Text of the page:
Allison Vaillancourt has written great posts here about manners and interpersonal relationships in the workplace. I’d like to chime in with a few simple things that would go a long way toward making contingent faculty members feel less like second-class citizens. Really, though, these are tips for all of us that shouldn’t have to be spelled out. Unfortunately, these come from personal experience.
First, answer e-mails. Just because I’m not at all of your staff meetings, it would be nice if you, as my supervisor, would acknowledge and respond to my efforts at communication the first time. Not after the third e-mail. Not after another person has acted as an intermediary. I’m not bugging you all the time, and I get in touch only when I need to. Have the courtesy of giving me a few minutes of your time.
The second tip concerns parents. I stay home with my children during the day and work at night. I have made this choice. You do not need to use a condescending voice and gentle smile when you hear this. I am not better or worse than you, just different. When you treat me like an anomaly or say how you just couldn’t do it, I get frustrated. Parents have been balancing work and child-rearing for a long time. If you want to have a real conversation about this part of my life, that’s great. Otherwise, let’s focus on the professional matters at hand.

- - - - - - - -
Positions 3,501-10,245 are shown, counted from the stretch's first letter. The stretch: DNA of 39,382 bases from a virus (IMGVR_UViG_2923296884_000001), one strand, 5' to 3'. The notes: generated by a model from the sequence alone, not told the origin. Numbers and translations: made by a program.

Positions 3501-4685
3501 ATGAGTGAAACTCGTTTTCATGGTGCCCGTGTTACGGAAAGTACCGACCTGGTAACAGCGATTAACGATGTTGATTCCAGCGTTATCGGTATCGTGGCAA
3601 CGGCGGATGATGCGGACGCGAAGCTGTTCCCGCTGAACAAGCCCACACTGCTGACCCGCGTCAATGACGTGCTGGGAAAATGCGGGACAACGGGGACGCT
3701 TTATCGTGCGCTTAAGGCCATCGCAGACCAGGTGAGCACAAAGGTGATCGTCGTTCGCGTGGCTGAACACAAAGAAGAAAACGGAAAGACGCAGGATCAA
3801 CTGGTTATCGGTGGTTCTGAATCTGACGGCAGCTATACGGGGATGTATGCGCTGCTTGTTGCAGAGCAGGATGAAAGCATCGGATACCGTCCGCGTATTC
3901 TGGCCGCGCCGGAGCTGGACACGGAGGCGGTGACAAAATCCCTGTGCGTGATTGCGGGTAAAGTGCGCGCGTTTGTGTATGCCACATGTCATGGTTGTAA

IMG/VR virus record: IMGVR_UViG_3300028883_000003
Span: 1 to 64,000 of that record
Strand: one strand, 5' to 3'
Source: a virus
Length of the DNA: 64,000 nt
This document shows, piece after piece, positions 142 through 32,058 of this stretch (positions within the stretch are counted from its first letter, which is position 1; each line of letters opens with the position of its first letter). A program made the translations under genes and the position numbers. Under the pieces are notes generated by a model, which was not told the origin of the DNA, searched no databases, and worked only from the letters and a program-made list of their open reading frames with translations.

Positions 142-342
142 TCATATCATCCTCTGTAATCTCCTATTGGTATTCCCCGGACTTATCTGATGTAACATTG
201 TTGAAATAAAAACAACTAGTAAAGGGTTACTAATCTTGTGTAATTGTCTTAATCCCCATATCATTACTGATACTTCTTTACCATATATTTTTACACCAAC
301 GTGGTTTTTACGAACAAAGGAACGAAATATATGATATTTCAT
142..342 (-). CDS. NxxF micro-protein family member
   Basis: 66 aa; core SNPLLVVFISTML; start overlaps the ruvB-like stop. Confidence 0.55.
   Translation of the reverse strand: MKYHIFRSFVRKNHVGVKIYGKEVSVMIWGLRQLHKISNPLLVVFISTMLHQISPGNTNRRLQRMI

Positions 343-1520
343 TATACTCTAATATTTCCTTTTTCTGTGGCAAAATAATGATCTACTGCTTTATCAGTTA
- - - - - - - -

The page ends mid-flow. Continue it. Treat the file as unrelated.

Finally, paying lip service to contingent faculty members is no substitute for respect. Saying you appreciate us is one thing; acting like it is another. When the faculty ratio is five contingent to one tenure-track, it’s time to think about policies and problems from the perspective of the majority.
What other basic advice would you offer based on your professional interactions?Return to Top